Week of 2/18/2020
This week’s edition brings a few helpful items on the current investment climate, as well as some non-financial topics. We hope you enjoy it!
  • We learned: that the number of bathrooms in American homes has DOUBLED in the past 50 years, while the average family size has shrunk. Convenience in this area is certainly valued by many.

  • We enjoyed: this tweet from modern stoic Ryan Holiday. His recommendation for 10 things to do daily.
  • Go for a walk
  • Do the deep work
  • Do a kindness
  • Read
  • Find some quiet
  • Strenuous exercise
  • Think about death
  • Say thanks
  • Get 8 hours sleep
  • Review the day

  • We read: good information about the “10,000 step rule.” While walking is a beneficial activity, 10,000 steps is not a magic number based on research. It has its roots in marketing. Variation in the intensity of your activity is more correlated with good fitness outcomes.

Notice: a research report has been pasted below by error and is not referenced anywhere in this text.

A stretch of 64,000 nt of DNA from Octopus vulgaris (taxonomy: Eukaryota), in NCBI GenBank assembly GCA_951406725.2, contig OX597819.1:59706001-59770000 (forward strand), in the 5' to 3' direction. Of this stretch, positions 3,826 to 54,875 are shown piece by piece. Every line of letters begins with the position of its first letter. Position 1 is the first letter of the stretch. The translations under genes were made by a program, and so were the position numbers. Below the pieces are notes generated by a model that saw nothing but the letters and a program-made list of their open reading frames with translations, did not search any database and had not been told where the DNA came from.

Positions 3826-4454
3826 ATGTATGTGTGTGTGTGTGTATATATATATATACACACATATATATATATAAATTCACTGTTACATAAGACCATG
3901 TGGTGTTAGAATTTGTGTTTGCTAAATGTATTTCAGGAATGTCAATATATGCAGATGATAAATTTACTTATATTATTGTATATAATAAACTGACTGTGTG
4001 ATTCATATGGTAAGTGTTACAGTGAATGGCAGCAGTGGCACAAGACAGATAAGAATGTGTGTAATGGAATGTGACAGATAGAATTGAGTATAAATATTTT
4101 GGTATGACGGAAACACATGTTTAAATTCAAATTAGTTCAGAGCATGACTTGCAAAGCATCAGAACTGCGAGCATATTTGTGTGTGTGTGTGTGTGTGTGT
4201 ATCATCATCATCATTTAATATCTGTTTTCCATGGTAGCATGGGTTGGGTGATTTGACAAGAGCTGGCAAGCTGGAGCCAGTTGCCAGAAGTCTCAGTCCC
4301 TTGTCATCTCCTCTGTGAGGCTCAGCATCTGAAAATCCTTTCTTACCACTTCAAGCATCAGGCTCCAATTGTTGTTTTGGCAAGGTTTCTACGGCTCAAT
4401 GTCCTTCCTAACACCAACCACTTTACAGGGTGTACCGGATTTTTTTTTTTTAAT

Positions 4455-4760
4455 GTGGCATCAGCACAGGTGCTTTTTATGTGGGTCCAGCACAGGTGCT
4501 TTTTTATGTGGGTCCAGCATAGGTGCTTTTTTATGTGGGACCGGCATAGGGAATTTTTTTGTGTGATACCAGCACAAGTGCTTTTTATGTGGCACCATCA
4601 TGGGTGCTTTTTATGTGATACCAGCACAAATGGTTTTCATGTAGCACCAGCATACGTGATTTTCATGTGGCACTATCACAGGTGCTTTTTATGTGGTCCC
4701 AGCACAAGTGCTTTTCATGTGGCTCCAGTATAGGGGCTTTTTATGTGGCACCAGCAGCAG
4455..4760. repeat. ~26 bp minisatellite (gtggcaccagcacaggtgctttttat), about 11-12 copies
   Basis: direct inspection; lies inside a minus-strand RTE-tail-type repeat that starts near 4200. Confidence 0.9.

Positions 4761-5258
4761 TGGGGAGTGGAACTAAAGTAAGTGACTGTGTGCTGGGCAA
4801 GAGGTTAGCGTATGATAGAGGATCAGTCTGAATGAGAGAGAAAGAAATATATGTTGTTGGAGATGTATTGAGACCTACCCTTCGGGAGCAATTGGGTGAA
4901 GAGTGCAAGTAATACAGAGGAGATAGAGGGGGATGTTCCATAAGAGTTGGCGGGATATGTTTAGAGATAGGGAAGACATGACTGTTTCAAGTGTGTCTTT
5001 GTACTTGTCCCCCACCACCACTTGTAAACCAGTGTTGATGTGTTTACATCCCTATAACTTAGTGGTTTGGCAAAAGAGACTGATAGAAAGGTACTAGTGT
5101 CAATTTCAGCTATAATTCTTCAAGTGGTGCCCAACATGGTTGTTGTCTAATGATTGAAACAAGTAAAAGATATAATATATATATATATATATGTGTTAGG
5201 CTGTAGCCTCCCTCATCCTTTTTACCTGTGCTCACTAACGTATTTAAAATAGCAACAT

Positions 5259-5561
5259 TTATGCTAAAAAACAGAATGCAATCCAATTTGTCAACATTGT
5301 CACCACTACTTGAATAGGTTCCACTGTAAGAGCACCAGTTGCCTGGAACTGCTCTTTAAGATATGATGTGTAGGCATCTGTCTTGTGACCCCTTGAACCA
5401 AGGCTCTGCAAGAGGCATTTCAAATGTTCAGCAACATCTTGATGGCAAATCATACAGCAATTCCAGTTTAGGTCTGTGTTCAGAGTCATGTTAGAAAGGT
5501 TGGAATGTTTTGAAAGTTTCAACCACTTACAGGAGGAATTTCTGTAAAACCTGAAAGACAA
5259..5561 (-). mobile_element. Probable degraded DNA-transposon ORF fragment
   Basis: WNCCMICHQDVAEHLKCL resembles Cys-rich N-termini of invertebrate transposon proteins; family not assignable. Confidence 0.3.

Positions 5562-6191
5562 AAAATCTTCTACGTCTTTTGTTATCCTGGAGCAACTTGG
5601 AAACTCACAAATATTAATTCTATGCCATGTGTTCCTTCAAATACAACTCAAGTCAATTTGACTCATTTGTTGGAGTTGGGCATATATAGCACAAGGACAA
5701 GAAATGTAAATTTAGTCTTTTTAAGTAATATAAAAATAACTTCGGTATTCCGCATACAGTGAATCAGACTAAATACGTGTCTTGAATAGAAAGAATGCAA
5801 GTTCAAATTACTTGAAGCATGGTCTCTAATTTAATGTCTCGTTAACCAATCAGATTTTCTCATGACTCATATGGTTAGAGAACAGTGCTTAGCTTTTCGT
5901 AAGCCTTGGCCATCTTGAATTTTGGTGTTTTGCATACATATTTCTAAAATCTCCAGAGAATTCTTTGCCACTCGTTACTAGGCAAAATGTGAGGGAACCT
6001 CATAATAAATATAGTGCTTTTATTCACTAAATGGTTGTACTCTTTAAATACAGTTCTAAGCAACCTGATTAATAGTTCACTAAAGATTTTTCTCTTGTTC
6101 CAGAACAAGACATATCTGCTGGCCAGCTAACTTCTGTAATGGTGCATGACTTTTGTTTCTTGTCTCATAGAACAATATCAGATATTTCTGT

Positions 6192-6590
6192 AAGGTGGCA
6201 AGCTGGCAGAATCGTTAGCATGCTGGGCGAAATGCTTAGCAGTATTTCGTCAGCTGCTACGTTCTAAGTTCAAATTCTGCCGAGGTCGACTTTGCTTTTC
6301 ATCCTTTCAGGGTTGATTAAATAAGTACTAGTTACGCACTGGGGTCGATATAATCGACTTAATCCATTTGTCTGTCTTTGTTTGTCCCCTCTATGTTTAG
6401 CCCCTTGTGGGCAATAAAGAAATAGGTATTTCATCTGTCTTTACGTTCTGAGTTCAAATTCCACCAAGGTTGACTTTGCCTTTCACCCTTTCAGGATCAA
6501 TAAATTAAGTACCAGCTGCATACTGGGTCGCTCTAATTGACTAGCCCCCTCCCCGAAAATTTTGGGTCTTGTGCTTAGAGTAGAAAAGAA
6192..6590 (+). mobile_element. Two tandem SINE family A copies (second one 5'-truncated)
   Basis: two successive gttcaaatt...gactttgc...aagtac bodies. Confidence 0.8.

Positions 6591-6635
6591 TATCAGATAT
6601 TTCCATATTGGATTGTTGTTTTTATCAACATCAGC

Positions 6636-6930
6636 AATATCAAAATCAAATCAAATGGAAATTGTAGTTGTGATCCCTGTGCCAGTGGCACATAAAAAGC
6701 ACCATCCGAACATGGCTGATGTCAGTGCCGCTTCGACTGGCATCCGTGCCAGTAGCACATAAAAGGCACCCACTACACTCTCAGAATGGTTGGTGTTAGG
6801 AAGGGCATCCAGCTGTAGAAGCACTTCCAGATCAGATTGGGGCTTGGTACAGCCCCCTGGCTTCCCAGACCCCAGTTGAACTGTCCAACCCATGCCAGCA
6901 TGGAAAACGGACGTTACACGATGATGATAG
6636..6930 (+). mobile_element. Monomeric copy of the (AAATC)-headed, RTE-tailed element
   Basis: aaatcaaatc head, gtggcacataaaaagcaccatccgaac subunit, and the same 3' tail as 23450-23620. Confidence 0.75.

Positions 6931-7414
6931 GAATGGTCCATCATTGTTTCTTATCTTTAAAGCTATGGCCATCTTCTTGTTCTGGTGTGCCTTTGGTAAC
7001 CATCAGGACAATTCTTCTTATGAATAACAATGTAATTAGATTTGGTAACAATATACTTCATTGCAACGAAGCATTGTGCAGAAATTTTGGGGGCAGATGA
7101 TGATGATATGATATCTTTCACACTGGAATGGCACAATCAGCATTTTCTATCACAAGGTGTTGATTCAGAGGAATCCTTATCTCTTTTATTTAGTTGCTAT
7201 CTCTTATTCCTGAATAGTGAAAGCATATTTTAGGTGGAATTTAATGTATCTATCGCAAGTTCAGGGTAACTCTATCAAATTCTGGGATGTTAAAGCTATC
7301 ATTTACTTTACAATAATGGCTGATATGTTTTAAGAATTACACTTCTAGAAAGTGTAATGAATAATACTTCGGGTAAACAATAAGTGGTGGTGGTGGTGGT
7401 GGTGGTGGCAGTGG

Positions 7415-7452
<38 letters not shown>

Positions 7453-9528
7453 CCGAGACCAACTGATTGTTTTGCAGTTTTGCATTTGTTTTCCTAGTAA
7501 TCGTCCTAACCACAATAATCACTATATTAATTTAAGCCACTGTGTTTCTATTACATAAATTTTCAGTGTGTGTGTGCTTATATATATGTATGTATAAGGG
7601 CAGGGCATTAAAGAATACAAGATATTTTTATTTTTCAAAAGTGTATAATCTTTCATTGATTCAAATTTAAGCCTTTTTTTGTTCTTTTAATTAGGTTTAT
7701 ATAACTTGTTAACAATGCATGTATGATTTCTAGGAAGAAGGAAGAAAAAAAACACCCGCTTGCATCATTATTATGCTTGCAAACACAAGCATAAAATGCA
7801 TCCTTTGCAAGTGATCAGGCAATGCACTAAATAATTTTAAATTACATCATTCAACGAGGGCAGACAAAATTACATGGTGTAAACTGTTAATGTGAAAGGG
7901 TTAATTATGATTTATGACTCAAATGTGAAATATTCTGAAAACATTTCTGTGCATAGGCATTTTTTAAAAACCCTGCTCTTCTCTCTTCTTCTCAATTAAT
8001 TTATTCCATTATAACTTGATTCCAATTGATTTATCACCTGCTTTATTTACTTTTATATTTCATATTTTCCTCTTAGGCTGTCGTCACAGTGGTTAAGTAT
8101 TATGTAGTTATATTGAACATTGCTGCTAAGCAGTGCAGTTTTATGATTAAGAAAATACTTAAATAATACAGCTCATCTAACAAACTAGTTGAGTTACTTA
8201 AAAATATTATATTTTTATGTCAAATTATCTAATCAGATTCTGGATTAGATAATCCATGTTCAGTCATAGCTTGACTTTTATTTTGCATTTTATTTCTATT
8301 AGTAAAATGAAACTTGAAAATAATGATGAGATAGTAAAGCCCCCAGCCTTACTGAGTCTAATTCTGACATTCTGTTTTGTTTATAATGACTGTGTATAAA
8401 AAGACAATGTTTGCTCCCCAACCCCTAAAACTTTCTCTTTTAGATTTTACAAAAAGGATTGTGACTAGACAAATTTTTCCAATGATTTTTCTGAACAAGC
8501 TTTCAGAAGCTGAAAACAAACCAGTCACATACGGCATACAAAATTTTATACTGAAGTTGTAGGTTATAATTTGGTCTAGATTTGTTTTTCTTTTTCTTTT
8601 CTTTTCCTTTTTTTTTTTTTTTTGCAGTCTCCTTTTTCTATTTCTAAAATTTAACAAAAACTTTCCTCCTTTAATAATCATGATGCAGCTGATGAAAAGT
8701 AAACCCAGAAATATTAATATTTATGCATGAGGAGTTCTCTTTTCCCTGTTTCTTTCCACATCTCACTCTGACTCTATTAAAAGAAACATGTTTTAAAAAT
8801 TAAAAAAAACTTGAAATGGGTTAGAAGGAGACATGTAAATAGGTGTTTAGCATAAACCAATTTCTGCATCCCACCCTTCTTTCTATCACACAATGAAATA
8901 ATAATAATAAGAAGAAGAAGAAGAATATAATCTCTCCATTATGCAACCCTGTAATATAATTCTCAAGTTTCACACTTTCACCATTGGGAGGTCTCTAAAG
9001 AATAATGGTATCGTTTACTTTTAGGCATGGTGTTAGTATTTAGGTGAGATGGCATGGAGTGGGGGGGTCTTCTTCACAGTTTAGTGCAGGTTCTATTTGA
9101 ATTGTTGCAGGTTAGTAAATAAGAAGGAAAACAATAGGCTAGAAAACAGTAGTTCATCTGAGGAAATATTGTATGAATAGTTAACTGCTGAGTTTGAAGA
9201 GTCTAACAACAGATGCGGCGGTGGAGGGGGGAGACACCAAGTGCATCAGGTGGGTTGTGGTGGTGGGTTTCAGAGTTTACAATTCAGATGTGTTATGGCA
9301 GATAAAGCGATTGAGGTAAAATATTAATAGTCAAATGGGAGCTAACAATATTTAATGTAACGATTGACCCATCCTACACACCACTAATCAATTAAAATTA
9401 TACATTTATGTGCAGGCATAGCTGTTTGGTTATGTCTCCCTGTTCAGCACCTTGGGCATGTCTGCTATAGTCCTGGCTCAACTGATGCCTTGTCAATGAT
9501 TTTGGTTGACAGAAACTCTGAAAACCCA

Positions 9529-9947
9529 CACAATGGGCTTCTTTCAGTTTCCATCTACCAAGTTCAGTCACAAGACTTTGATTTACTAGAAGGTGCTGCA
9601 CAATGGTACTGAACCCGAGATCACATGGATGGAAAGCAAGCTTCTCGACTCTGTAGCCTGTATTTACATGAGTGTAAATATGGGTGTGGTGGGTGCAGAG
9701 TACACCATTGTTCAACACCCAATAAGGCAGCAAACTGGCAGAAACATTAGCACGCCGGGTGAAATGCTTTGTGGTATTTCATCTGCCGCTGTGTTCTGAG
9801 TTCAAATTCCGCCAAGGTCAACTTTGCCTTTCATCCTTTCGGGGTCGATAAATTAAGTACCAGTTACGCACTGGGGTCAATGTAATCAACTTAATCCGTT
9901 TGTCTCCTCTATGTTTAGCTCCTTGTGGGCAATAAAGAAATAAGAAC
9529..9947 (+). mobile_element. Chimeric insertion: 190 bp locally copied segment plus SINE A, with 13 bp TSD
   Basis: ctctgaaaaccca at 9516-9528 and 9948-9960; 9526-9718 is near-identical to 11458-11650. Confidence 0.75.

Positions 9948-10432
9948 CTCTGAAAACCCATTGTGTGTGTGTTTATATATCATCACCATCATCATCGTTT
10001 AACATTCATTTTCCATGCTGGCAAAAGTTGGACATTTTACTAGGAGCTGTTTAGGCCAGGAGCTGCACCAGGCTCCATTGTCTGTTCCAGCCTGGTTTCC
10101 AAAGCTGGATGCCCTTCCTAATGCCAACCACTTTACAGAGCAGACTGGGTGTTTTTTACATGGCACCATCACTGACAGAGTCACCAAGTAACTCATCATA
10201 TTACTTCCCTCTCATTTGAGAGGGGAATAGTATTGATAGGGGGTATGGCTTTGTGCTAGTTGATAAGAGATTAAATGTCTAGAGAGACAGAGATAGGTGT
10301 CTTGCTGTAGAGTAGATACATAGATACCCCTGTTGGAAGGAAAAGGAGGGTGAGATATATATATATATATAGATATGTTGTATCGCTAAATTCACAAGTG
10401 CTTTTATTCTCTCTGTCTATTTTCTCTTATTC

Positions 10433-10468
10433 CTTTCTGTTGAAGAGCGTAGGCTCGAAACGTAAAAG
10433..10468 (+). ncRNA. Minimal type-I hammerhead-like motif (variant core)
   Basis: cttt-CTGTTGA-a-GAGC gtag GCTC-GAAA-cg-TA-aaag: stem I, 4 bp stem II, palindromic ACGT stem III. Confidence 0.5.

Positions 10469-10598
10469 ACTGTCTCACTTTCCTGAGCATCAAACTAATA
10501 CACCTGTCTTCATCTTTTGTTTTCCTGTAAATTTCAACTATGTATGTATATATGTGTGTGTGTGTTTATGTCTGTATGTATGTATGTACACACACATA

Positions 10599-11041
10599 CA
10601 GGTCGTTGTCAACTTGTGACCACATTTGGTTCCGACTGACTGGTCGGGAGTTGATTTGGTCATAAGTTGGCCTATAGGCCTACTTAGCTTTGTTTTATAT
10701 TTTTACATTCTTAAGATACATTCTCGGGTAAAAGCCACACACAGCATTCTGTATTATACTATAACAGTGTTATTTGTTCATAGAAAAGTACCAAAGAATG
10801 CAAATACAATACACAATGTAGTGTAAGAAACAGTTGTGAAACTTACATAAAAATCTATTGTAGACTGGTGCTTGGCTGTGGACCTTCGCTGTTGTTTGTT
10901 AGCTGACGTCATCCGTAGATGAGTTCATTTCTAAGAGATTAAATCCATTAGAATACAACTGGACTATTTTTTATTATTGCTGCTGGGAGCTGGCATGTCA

• We've been: rehabbing our back from a recent bit of over-enthusiasm at the gym. As a result, this report from The Economist is especially interesting. This article alleges that we treat back pain wrong. $88 billion per year is spent on back pain treatment, not far off from $115 billion spent on cancer treatments. Yet only 5%-15% of MRI’s reveal a definitive physical cause for the pain. Additionally, disc degeneration and bulging is detected in 50% of the people that experience zero pain. 87% of people that have spinal fusion were still in enough pain to need medication 2 years later. The article suggests that daily exercise and accepting flare-ups as temporary setbacks often have better results for many than surgery and medication. Of course, not being physicians, we encourage you to make decisions in consultation with the experts.

Q: You’ve talked about trying to identify recession risk. What should an investor pay attention to?

A: Once again we turn to our friends at the Independent Market Observer for a great look at a few of the most commonly mentioned indicators. Portfolio Manager Andrew Kitchings explains that business sentiment, such as the opinions expressed in the Duke CFO Global Business Outlook , may be a more helpful tool than looking at consumer sentiment. The reason is that consumer confidence is often a lagging indicator of change in the economy, and not very a good measure of near-term weakness in the economy.